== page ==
With most Facebook users logging in on mobile, it’s only logical for Facebook to want to constantly improve the mobile experience for them. And it is doing so by, “always developing new tools and insights to improve mobile experience.” That is also why the platform is introducing prefetching.
Facebook defines prefetching as “pre-loading mobile content in the Facebook in-app browser before a link is tapped.” It says that this technique can make a mobile site load 29% faster – shortening it up to 8.5 seconds. And we all know that a slow mobile experience is a big issue. Up to 40% of website visitors leave a site after 3 seconds of delay. With such a huge percentage of “mobile-only” visitors, a great mobile experience brings a lot of value – both for people and businesses.
With prefetching, Facebook will now also be considering a website’s performance and the user’s network connectivity when delivering an ad. This way, Facebook can match the right adverts to the right people, at the times they are better able to engage.
[quote]site abandonment hurts business objectives, such as completing a purchase or filling out a form. It can also bring challenges to measurement – people often abandon sites before third-party site analytics have time to register a page visit. This can make it harder to track and optimise advert performance.[/quote]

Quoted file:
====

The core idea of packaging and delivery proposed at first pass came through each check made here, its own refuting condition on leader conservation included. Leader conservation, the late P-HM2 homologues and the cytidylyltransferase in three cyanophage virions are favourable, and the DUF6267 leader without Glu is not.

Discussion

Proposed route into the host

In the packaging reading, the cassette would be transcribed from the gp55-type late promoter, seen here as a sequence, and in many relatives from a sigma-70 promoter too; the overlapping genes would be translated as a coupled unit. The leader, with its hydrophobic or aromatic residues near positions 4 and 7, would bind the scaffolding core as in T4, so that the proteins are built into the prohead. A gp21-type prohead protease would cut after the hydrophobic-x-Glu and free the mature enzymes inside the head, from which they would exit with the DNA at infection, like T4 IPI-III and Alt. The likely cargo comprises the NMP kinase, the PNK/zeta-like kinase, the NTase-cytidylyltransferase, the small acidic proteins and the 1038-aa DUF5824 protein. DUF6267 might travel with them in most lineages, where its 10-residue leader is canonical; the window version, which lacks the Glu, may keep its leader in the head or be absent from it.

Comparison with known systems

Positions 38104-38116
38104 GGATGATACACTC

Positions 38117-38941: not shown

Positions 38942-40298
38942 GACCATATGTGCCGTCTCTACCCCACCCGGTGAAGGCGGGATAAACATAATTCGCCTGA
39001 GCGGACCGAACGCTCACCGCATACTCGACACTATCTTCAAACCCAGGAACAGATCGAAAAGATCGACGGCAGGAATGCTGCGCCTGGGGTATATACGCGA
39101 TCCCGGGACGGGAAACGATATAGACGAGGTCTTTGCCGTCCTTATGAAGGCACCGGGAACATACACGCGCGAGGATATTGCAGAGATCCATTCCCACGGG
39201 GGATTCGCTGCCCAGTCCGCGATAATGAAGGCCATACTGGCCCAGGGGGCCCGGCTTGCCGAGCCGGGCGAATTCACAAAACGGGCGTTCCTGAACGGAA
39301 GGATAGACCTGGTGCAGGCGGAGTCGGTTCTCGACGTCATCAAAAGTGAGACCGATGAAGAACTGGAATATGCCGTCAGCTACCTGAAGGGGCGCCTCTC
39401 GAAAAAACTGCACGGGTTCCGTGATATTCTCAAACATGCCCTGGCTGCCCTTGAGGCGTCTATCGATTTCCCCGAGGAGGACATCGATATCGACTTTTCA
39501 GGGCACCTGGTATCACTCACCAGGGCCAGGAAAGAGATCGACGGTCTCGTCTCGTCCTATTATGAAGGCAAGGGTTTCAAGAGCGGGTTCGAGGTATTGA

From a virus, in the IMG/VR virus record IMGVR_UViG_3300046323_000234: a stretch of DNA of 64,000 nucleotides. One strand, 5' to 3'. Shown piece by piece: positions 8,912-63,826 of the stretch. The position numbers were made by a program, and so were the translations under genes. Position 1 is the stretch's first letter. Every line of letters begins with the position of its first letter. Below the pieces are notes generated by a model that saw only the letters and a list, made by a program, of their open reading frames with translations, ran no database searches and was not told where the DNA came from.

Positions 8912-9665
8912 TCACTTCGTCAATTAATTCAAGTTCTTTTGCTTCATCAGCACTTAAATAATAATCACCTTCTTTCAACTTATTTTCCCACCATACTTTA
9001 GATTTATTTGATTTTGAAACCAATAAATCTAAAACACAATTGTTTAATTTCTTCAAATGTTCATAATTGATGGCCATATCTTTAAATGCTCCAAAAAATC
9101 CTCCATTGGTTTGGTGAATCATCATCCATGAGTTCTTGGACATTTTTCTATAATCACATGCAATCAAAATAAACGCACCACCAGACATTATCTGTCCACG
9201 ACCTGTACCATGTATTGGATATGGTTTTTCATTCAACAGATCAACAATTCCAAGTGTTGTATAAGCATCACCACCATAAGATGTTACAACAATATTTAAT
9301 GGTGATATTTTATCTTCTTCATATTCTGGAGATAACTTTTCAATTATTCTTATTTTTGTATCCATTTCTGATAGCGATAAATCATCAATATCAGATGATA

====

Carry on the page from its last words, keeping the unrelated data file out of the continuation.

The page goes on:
There are great opportunities for marketers on mobile, but in order for those to be realised, “people have to have consistently great experiences.”
With the multitude of sites out there, staying consistent is a challenge – but not a impossibility. Facebook suggests the following steps that businesses can take to improve website load time.
- – Minimising landing page redirects, plugins and link shorteners
- – Compressing files to decrease mobile rendering time
- – Improving server response time by utilising multi-region hosting
- – Using a high-quality content delivery network to reach audiences quickly
Further information can be found here.
If you would like to find out more about prefetching “especially if you use third party tag-based measurement,” follow this link.
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